Madhurya Rasa falls within the purview of Krishna Bhajan and constitutes the highest grade of divine Love. It is where a devotee approaches God as His consort. This is unlike the so-called love of this material world where one primarily concerns himself with his/her sensuous pleasures. The distance between the servant and the Lord which was distinctly visible in the cases of Shanta and Dasya Rasas, and indistinctly visible in the case of Sakhya and Vatsalya Rasas, is now completely absent in Madhurya. The servant and the Lord are now united as never before. The servant serves her lord with everything. She lives for her Lord and dies for Him. There is nothing that she cannot do to make Him happy. His pain and grief become her own. Now, the servant cannot enjoy anything which does not make her Lord happy. She takes pleasure in putting on an ornament if it pleases her Lord. She even gladly welcomes death if it is a service unto Him. Such is the selflessness of love manifested in Madhurya. Srimati Radharani and the other Gopis of Vrindavana represent devotees in this category.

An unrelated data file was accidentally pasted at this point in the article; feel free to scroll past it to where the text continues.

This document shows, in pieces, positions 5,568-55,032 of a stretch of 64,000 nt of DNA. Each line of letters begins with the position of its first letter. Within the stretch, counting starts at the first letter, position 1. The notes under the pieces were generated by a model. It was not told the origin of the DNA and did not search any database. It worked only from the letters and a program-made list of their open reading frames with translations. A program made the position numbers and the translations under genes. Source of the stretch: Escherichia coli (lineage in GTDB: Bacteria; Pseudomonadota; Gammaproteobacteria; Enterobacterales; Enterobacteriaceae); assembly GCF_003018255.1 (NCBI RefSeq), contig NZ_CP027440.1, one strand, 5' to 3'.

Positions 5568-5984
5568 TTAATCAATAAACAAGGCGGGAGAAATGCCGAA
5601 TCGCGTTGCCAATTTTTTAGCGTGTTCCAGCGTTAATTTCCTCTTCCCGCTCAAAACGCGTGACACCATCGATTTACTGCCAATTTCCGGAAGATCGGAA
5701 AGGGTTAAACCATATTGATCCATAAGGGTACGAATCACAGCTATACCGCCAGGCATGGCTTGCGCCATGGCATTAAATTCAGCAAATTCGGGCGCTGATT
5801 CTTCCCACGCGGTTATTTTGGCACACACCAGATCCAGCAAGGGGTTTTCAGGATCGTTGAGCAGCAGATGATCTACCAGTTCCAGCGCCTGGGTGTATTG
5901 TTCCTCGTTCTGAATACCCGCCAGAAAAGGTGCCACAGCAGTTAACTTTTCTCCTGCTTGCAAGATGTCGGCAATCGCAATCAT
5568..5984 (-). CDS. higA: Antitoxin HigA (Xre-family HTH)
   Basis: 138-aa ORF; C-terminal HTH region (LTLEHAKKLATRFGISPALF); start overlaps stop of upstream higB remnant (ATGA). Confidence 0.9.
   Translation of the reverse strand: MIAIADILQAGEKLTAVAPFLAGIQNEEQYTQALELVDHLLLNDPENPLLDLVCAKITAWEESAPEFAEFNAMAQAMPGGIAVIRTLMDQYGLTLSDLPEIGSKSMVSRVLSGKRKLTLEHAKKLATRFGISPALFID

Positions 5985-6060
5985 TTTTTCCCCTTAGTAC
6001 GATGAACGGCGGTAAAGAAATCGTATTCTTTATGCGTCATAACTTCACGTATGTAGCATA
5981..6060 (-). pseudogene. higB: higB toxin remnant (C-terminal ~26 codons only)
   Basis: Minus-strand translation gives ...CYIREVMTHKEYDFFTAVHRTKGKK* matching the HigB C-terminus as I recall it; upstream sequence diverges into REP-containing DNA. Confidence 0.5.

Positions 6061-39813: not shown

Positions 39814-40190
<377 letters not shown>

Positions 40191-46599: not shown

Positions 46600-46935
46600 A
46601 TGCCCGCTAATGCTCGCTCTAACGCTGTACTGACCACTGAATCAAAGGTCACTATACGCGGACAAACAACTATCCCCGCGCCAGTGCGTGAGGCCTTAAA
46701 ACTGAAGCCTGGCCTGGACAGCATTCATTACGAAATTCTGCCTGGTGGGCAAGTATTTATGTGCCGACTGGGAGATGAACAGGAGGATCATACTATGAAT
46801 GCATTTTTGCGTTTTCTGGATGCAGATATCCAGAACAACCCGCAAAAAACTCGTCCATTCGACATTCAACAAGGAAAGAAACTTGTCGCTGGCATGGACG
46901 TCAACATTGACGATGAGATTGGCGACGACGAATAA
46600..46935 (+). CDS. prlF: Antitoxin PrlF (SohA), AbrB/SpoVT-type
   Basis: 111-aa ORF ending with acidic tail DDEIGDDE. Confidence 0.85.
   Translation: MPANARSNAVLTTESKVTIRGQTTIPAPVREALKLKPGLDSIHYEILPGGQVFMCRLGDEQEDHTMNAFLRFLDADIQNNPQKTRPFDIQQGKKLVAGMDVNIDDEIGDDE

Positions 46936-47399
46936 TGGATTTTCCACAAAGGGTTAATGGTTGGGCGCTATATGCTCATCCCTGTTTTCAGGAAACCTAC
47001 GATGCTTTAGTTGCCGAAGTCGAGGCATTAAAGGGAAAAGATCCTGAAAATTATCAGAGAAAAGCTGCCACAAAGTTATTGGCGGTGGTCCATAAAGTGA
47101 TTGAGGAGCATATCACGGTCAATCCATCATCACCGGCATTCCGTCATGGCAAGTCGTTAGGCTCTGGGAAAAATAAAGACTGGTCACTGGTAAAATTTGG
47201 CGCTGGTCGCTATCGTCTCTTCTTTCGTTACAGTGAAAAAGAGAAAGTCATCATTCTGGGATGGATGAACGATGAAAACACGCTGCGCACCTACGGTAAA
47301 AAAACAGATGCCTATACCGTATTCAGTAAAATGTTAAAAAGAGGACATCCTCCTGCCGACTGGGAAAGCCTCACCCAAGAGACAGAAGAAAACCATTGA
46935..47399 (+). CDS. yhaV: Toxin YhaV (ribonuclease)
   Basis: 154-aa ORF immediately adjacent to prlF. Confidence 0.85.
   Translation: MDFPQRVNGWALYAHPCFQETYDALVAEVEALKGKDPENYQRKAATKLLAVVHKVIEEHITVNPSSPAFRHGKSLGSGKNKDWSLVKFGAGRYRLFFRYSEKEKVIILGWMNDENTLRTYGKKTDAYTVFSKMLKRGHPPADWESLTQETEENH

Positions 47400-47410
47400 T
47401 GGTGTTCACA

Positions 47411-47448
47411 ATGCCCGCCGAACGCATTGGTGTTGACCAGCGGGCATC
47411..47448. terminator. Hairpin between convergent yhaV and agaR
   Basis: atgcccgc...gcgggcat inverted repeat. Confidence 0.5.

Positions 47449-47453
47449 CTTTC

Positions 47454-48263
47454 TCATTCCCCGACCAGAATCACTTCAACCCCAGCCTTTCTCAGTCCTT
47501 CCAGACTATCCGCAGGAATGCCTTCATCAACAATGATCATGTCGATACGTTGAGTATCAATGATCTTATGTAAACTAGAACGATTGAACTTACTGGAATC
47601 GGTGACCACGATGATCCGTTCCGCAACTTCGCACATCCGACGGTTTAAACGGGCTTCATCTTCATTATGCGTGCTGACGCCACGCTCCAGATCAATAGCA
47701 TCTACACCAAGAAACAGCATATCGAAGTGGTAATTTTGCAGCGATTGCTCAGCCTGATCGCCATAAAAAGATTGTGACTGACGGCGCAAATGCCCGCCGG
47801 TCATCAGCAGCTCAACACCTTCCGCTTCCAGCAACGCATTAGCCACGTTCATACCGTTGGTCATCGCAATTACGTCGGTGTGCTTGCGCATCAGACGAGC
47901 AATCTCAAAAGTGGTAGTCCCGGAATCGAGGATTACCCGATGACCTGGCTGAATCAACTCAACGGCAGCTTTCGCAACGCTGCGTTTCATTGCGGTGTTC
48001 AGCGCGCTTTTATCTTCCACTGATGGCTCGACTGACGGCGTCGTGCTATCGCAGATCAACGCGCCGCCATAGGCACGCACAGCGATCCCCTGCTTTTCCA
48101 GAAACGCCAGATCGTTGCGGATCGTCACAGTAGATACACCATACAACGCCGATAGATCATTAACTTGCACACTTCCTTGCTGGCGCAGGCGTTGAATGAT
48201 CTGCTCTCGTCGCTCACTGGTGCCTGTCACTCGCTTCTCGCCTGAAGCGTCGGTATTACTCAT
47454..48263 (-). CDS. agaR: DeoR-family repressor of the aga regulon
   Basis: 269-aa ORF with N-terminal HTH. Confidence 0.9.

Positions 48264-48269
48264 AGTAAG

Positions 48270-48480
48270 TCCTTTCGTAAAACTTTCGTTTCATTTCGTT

Madhurya rasa is also specified as ‘Mukya bhakti rasa’ or the principal of all devotional mellows. Unless one is devoid of all material attachments, one cannot relish the divine mellow of ‘Madhurya’. Madhurya rasa is most esoteric and rare. Hence, it is kept largely confidential. Shanta, Dasya, Sakhya, Vatsalya, and Madhurya exist eternally in Goloka Vrindavan. They are compared to Copper, bell metal, Silver, Gold, and touchstone respectively.
Vipralambha and Sambhoga
In Madhurya Rasa, Krishna is looked upon as ‘nagara’, the epitome of unparalleled beauty, charm and amorous pastimes. He is the ultimate object of love. The gopis of Vrindavan are the recipients of this divine love. Of all the gopis, Srimati Radharani is the most exalted.
Yatha radha priya visnos-tasyah kundam priyam tatha
Sarva gopisu saivaika visnor atyanta vallabha
(Laghu Bhagavatamrita, 45)
Srimati Radharani is dear to Krishna, and her Kunda, known as Radha Kunda, is also similarly dear to Him. It is the favorite place of Krishna. Of all the gopis, Srimati Radharani is the dearest to Krishna.
The stimulants (uddipana) of this rasa include the sound of Murali (Krishna’s flute), Krishna’s sidelong glances, His smile, His beautiful form, etc. Madhurya rasa can be further divided into two – Vipralambha and Sambhoga.
Vipralambha represents the separation between lovers, which further intensifies their love for each other. Vipralambha has further subdivisions – purva raga, mana, and pravasa.